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70 Years After the War, No Resolution in Korea
North Korean and Chinese troops celebrate a victory against U.S. forces in South Korea, c. June 25, 1950.
Keystone-France/Gamma-Keystone via Getty Images

70 Years After the War, No Resolution in Korea

Walter Russell Mead

The Korean War began 70 years ago, on June 25, 1950, when Kim Jong Un’s grandfather sent troops across the 38th parallel into the South. Pyongyang seemed bent on commemorating that event this year by trash-talking—literally. North Korea plans to retaliate for packages sent over the border by defectors containing derogatory information about Kim Jong Un along with South Korean soap operas on memory sticks. According to Pyongyang’s Korean Central News Agency, “12 million leaflets of all kinds reflective of the wrath and hatred of the people from all walks of life” have been printed, and 3,000 balloons are being prepared to unleash a massive propaganda blitz against the offending South.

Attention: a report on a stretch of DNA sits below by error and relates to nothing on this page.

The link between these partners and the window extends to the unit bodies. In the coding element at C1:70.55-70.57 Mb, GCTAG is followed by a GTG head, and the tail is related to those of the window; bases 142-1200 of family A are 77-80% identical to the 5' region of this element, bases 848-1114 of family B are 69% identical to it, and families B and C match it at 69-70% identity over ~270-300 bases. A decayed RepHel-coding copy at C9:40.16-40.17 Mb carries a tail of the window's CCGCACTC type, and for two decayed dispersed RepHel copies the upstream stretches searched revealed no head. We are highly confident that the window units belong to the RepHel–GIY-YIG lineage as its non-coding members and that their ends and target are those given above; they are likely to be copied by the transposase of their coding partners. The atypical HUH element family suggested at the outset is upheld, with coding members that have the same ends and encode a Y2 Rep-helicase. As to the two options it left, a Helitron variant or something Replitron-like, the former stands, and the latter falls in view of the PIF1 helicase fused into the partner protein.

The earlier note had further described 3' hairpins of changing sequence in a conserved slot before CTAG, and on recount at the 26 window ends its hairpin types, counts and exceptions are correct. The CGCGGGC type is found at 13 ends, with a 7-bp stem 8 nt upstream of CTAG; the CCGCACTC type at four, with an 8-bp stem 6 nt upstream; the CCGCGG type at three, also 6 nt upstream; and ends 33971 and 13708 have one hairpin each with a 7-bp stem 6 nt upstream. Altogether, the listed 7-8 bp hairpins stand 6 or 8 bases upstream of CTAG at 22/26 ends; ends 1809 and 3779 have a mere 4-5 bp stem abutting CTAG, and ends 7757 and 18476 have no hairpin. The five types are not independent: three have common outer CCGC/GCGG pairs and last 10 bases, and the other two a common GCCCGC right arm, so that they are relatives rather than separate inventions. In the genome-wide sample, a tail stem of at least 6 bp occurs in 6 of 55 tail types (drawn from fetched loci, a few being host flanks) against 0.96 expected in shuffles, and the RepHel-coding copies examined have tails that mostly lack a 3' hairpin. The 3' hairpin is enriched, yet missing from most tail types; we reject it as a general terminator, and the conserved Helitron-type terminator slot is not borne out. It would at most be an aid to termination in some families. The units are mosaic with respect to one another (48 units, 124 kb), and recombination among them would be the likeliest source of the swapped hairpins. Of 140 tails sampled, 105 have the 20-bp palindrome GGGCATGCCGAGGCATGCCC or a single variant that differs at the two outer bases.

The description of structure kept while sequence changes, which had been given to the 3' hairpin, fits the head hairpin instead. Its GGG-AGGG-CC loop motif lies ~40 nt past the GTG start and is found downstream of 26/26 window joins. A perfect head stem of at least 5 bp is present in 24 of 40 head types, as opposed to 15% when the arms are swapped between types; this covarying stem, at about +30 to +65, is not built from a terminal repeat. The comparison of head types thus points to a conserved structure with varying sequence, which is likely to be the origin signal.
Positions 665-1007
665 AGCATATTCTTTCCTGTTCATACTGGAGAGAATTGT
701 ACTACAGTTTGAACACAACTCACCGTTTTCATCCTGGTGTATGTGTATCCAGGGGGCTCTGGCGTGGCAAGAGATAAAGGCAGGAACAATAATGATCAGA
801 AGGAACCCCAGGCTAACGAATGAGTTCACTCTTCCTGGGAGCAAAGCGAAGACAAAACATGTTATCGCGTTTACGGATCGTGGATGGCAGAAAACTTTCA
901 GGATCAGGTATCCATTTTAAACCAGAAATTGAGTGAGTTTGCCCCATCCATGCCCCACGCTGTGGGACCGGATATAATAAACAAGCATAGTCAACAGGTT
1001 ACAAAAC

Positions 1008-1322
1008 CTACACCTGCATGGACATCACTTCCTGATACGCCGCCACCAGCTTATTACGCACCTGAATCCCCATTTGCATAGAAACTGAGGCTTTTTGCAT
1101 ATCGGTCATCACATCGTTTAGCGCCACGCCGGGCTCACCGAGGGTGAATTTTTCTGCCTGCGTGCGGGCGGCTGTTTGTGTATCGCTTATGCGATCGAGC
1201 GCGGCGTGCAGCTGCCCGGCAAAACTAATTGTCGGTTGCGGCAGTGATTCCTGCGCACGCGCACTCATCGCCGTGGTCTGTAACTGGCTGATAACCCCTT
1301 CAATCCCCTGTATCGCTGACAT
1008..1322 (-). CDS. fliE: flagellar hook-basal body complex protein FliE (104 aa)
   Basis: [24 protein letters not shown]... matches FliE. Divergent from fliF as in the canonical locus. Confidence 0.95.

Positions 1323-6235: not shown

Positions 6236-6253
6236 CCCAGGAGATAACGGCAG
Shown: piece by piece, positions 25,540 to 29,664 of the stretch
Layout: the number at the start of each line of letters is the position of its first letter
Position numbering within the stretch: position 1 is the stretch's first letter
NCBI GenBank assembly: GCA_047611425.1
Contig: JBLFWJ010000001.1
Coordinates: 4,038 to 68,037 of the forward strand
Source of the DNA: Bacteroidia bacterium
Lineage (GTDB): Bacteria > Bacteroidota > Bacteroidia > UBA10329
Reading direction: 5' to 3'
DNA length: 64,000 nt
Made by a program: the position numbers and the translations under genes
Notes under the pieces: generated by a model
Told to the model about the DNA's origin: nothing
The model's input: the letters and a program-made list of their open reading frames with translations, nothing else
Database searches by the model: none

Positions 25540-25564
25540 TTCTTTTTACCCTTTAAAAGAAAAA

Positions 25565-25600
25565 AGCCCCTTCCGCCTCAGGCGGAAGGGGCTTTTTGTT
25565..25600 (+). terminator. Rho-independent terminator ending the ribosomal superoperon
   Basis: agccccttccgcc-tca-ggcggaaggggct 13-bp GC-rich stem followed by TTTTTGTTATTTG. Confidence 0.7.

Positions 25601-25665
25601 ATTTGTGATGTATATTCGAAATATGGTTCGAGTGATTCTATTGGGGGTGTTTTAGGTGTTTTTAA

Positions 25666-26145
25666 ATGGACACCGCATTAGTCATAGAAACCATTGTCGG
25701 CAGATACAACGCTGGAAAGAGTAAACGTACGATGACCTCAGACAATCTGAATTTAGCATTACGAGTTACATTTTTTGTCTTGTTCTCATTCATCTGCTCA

The master strategists of Pyongyang plan to include bundles of trash with the propaganda. “South Korea has to face the music,” the North’s news agency said. “Only when it experiences how painful and how irritating it is to dispose of leaflets and waste, it will shake off its bad habit. The time for retaliatory punishment is drawing near.”

Or maybe not. On the eve of the anniversary, North Korea announced that Mr. Kim had told officials to put the campaign on hold.

Read the full article in the Wall Street Journal

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